Not knowing for sure that one of the great riot grrrl anthems came about this way, I nonetheless like to imagine Carrie Brownstein playing through a classic B-52’s song and ending up writing her own.  I wonder what it would look like for students to engage in the same sort of deference and playfulness.  What’s the imitative equivalent here for a rhetoric and writing course?  I don’t have a solid answer to this question, but I’m looking forward to asking my students to select a favorite paragraph or song lyric, to rearrange and play around with those words until something connects, and to see what happens.

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Considering Invention

Steven Johnson and Alex Reid (and Alex again) have turned my attention to invention recently.  (John Muckelbauer’s The Future of Invention has been inspiring me as well.)  Johnson and Reid describe invention as a process informed by networks and assemblages, respectively.  For Johnson, “ideas are works of bricolage. They are, almost inevitably, networks of other ideas. We take the ideas we’ve inherited or stumbled across, and we jigger them together into some new shape.”  Reid goes a step further to describe the experiential state of invention:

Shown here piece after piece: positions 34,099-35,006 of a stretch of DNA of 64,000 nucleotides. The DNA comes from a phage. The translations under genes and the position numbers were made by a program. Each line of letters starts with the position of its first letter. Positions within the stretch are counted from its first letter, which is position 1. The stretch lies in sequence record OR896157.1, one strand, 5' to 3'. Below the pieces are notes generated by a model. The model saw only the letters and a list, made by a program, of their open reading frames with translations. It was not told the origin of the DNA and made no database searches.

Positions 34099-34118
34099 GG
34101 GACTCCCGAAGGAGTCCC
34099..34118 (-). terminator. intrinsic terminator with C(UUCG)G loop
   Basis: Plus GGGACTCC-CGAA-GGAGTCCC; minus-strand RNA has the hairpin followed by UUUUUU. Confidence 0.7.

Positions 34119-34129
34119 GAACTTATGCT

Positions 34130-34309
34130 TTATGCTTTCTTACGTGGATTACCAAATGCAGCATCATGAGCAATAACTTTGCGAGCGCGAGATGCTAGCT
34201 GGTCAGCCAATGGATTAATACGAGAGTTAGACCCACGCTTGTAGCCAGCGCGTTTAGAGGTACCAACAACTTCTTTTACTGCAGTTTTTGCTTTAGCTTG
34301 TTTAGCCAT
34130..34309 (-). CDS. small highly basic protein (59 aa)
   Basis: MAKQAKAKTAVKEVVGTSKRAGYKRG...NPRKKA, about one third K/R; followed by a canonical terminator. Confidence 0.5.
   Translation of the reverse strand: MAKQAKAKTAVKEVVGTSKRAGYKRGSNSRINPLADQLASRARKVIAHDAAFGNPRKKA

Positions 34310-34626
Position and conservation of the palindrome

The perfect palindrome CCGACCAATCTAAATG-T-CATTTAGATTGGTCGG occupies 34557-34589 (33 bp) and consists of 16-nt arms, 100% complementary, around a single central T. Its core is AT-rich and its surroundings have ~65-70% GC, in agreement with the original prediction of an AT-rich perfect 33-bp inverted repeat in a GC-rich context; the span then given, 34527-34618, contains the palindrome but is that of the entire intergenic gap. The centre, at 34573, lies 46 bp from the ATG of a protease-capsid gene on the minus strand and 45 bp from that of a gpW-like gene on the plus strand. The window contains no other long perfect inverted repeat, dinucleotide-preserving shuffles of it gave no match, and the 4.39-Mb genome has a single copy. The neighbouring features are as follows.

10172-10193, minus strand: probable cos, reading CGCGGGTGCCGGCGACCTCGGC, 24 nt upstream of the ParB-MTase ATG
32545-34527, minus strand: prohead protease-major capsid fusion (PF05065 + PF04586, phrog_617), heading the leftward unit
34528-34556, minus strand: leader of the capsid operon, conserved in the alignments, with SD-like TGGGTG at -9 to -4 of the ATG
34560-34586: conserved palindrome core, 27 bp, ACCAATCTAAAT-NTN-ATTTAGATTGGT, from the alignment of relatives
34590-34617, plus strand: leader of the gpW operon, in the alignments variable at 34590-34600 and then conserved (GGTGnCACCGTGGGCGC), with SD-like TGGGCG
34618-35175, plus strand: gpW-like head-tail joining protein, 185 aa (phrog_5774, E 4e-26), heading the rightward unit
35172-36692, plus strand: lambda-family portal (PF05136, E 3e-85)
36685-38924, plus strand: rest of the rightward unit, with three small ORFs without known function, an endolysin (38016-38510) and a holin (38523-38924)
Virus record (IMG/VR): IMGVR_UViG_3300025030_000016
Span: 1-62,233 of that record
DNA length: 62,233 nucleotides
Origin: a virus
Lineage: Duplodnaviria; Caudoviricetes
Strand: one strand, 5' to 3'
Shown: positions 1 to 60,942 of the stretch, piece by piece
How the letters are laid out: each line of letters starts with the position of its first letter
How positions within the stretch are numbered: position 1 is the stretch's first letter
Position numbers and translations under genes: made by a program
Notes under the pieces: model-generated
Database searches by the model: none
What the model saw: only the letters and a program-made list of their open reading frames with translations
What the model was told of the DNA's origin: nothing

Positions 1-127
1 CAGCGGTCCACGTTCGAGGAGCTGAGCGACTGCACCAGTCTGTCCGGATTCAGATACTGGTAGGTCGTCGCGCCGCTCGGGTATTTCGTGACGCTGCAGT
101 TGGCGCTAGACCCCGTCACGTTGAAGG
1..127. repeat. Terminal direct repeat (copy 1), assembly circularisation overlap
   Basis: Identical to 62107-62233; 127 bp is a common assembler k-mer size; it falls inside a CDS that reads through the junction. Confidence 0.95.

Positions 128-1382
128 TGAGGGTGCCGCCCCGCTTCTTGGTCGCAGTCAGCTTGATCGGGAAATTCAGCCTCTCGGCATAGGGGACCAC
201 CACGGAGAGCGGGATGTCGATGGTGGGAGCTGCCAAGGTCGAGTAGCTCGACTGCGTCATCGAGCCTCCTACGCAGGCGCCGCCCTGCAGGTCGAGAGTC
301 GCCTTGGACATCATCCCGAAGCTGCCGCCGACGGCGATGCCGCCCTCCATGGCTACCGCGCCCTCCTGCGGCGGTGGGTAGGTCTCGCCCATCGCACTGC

There is a frame of mind, a state of awareness or attunement, that facilitates invention…an affective state into which one slips in and out, a state that one can learn to enter with increasing ease. And it is a non-deterministic subjective state in that it does not delimit by itself the results on invention in some hermeneutic-methodological way (as critical reading methods tend to do). Instead, as I stated above (and many times before), it recognizes invention as emerging from the particular assemblage to which one is exposed.